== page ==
An exile in South Caucasus at the start of the season, Andy Halliday intends to become a hero in Mount Florida by the end of it.
Few would have predicted Halliday having a major part to play in Rangers’ attempts to secure a major honour this season after being sidelined by Pedro Caixinha in the summer and sent out on loan to Azerbaiijan club Gamala.
It might still be too much to expect he will be pitched into the midfield battle in Sunday’s Scottish Cup semi-final against Celtic in view of the sporadic appearances he has made since his return from this unhappy spell.
But Halliday did all he could to force his way into manager Graeme Murty’s thinking in the half an hour he was on the field on Saturday. Having toiled to exert a hold in the midfield area against Neil McCann’s side, the hosts, given a slender lead through Kenny Miller’s first-half goal, almost immediately sprang to life following Halliday’s introduction for an ailing Greg Docherty. Rangers went onto score three further times.
That was not all to do with Halliday. After all, he would be the first to concede Dundee were the architects of their own downfall in the particular case of the third of Rangers’ four goals.
For some reason, defender Genseric Kusunga thought he had a lot more time than he did when accepting a short bye-kick by Elliott Parish on the edge of the box. Alfredo Morelos robbed him and Jamie Murphy applied the finish. With 78 minutes of the game gone, Dundee were down and out having shown enough spark in the first-half to suggest they might again take something from another game in Glasgow after drawing 0-0 against Celtic a few days earlier.
Halliday, pictured inset, helped ensure they didn’t. Now he is eyeing a place in the Rangers starting line-up against Celtic this weekend. Murty described Halliday as a “seasoned performer” afterwards. Such players are priceless on occasions like Sunday.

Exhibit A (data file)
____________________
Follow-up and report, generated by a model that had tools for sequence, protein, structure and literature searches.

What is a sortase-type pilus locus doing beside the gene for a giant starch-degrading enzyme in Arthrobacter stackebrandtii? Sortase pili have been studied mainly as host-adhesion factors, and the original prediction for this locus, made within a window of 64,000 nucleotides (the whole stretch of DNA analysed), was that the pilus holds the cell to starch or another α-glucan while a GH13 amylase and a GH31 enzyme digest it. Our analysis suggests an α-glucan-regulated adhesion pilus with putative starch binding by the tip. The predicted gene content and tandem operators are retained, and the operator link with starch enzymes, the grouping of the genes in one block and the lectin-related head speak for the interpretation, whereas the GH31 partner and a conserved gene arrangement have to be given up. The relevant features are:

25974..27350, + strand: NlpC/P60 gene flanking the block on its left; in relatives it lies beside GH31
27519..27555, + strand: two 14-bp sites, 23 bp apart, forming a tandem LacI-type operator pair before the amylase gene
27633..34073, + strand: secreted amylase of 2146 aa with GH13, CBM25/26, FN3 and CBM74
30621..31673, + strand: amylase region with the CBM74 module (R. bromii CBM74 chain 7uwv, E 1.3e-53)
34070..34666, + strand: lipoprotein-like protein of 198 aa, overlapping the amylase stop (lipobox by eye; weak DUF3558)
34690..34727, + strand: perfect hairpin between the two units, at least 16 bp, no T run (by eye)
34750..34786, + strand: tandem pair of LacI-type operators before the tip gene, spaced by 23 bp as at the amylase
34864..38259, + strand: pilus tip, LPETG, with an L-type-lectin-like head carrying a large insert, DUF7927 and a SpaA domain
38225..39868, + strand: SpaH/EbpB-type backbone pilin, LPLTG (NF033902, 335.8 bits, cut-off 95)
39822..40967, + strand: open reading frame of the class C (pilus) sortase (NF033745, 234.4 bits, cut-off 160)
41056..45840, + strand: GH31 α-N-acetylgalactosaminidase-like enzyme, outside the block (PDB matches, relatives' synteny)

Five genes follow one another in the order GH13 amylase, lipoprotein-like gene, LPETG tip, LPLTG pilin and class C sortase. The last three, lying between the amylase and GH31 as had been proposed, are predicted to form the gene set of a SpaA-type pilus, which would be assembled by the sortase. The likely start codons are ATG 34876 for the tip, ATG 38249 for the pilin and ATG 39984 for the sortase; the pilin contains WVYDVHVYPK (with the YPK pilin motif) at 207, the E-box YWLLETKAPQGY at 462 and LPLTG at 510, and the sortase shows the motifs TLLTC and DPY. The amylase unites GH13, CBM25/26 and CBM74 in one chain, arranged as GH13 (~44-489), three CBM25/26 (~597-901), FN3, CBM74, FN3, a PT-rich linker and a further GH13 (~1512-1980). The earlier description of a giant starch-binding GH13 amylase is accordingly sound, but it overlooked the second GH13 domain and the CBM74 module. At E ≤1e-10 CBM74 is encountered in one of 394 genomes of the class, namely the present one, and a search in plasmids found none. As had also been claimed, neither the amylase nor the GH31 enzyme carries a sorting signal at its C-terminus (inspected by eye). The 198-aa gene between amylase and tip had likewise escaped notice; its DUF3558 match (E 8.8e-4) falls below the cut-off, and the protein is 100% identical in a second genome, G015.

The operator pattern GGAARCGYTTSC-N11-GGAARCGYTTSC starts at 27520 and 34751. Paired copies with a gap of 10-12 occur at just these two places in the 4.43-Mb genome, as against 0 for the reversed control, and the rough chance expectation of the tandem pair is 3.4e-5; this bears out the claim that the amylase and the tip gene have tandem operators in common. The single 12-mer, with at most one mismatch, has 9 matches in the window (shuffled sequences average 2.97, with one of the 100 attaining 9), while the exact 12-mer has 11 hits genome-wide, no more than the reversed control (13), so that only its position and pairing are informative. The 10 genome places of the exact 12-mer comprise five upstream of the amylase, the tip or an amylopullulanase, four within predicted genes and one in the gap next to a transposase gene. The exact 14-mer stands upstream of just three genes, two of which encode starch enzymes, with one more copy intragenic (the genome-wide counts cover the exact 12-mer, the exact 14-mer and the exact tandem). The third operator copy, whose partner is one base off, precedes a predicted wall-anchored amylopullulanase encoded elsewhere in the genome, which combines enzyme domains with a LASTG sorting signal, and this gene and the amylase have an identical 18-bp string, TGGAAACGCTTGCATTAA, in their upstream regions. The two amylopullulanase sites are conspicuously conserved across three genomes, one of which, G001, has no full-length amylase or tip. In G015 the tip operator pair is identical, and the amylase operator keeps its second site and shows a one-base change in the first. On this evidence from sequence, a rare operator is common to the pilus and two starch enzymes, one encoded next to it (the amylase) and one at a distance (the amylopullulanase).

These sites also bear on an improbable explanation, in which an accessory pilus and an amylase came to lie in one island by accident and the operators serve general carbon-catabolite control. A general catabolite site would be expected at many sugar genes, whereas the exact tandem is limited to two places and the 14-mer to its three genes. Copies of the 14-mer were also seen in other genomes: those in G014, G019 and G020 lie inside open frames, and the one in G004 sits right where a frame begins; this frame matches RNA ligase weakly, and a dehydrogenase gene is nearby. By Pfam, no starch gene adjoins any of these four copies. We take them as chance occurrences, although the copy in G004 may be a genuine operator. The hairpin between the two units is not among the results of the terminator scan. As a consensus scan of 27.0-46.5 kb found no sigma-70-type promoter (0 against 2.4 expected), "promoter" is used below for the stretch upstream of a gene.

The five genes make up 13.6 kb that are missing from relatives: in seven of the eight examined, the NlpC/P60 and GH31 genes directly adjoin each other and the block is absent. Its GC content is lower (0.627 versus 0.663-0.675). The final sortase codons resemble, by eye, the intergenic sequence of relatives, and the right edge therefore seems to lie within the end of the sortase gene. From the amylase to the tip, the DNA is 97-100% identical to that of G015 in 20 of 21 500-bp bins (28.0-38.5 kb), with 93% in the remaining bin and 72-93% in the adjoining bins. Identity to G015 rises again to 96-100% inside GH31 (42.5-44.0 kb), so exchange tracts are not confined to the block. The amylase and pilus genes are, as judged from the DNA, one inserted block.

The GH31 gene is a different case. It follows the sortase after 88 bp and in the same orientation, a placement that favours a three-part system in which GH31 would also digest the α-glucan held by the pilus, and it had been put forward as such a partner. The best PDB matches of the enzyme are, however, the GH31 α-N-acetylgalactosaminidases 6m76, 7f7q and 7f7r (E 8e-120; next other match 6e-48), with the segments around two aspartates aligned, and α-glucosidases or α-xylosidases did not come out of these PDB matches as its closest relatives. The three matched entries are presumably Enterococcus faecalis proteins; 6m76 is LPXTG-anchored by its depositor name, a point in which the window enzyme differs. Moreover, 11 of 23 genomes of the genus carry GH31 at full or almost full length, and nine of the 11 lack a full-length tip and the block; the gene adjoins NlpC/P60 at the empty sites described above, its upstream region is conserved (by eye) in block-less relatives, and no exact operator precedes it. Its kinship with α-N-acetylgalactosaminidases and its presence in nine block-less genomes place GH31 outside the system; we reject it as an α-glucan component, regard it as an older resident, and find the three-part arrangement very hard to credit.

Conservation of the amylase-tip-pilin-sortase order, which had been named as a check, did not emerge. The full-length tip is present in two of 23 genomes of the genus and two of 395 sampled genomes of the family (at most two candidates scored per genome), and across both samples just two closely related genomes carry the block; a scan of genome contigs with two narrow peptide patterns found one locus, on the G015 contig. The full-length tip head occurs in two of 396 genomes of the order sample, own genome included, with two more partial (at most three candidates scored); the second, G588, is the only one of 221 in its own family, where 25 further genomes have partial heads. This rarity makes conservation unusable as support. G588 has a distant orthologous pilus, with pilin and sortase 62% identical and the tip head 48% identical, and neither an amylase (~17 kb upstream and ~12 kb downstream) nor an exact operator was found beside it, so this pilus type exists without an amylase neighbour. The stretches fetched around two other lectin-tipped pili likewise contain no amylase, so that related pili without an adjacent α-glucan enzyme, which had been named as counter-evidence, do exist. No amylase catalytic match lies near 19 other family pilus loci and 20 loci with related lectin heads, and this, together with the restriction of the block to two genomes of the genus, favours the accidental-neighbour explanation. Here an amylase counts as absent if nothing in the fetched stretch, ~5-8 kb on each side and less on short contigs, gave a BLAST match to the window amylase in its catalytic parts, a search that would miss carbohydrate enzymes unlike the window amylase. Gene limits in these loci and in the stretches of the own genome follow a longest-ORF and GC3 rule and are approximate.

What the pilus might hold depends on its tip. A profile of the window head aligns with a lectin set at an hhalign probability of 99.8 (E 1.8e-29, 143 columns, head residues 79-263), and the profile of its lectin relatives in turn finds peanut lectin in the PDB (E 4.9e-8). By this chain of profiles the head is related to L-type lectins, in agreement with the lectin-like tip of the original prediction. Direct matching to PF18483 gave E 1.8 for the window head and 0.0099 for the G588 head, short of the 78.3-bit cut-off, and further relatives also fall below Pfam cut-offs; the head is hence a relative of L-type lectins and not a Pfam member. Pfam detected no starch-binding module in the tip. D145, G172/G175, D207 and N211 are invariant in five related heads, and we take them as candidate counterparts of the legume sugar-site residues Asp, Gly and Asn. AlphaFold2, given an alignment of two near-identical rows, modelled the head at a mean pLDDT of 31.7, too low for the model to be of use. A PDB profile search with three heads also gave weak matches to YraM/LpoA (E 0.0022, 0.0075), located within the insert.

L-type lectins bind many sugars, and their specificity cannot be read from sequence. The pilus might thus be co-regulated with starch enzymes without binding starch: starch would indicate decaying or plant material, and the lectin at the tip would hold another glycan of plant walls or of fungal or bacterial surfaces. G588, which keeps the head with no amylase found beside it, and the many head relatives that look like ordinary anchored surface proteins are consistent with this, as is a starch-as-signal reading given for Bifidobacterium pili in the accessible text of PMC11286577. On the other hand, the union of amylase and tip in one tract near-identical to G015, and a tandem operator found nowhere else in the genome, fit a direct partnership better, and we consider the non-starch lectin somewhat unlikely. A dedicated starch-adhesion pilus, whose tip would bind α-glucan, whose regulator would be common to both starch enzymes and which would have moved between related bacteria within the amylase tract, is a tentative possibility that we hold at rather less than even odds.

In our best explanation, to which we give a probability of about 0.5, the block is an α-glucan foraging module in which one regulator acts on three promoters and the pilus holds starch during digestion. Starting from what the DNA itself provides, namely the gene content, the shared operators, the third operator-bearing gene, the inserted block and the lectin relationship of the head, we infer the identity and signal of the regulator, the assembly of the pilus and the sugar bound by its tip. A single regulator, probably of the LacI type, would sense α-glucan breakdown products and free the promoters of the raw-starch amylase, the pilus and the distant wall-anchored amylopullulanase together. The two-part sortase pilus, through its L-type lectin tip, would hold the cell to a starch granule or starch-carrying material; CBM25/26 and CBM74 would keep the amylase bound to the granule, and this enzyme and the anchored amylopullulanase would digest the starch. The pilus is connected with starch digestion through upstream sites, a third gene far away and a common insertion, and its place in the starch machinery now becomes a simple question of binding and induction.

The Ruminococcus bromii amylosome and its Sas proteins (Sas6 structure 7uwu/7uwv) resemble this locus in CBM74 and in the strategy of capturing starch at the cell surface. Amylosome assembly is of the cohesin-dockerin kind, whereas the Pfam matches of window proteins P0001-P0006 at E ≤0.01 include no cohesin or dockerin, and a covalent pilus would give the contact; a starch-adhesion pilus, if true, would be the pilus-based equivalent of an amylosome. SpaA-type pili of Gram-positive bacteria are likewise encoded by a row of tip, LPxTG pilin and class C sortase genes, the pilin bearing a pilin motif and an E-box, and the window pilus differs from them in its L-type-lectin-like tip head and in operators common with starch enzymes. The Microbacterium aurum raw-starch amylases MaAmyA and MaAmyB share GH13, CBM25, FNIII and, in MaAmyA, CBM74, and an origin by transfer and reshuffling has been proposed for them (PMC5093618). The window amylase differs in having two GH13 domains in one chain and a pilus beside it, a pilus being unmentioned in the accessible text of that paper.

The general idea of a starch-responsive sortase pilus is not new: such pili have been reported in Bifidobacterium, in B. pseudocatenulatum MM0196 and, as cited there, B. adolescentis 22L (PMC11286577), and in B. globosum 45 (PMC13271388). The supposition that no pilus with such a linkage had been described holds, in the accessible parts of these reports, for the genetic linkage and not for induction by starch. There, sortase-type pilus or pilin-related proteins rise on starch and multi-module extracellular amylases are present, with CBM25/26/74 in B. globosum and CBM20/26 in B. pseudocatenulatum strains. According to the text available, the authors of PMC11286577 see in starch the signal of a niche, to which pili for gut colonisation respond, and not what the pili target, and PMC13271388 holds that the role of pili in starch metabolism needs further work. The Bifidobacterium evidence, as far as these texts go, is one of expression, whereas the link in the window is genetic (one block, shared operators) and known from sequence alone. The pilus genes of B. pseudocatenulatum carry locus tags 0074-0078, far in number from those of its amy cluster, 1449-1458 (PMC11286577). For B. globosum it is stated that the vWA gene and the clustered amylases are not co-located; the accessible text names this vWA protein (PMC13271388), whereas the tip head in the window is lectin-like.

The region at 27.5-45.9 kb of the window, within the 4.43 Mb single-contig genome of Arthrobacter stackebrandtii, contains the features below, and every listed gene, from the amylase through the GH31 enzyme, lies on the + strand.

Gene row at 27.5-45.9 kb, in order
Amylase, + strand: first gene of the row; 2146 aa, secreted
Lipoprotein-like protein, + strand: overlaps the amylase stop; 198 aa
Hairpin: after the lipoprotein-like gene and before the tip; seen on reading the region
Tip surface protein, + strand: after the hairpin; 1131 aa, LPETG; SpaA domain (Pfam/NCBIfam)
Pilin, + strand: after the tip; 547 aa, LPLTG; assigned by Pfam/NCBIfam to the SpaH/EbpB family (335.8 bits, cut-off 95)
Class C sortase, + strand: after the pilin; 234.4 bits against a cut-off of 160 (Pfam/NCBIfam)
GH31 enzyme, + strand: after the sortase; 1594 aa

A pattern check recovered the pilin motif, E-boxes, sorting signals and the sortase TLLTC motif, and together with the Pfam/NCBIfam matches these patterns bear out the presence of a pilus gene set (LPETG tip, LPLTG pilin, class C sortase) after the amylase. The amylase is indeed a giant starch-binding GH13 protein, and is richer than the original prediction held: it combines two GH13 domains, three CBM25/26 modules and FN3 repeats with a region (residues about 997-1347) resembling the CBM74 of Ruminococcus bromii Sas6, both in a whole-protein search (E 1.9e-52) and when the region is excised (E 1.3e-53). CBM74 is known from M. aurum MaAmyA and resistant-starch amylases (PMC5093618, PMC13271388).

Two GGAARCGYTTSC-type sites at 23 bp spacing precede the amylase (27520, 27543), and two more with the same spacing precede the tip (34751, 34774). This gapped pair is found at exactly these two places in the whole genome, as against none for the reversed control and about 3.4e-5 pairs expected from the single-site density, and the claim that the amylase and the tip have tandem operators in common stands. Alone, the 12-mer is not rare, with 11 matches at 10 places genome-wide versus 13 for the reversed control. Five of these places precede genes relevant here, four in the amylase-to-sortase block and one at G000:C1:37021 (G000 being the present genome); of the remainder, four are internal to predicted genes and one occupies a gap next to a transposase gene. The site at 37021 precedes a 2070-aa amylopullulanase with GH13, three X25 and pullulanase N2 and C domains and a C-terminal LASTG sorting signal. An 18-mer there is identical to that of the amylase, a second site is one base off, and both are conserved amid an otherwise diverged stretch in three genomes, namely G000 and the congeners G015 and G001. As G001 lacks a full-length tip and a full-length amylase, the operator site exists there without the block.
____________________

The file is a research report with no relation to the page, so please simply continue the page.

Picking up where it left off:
Halliday is one of only a few Rangers players with experience of overcoming Celtic, albeit on penalties at the same stage two years ago.
“It’s up to the manager – I have not played many games this year,” he said. “The disappointing thing for me is I was trying to get as many minutes as I could over the last few weeks.
“Unfortunately I did not manage to get on in a few of the games so it was important I showed what I could do when I came on (against Dundee).”
His eye-catching cameo on Saturday was his first top team appearance since against Falkirk in the Scottish Cup at the beginning of last month.
He was an unused substitute when Celtic defeated Rangers 3-2 at Ibrox the following week. He is clearly itching to contribute this weekend having been part of a Rangers success over Celtic at Hampden two years ago.
“I’ve had a couple of bad experiences against them as well!” he acknowledged. “It is a unique game of football. It is a special kind of atmosphere. All the experience you can get in these game you can use to your advantage.”
According to Halliday, a boyhood Rangers fan, a win would be payback to the fans for the hard times this season.
Although Rangers returned to second place on Saturday, and could still win the Scottish Cup, it’s been another trying campaign.
Halliday had already agreed to move to Azerbaijan by the time Rangers were eliminated from the Europa League following a 2-0 second leg defeat to Luxembourg’s Progres Niederkorn.
They have already lost twice to Celtic at home this season and were beaten four times by their old rivals during the last campaign.
“We owe the supporters,” said Halliday. “We have had a lot of disappointing memories in the Old Firm fixture in the last couple of years.
“We are confident if we can play to the highest of our ability we can get the result. But Celtic obviously go into the game as favourites.”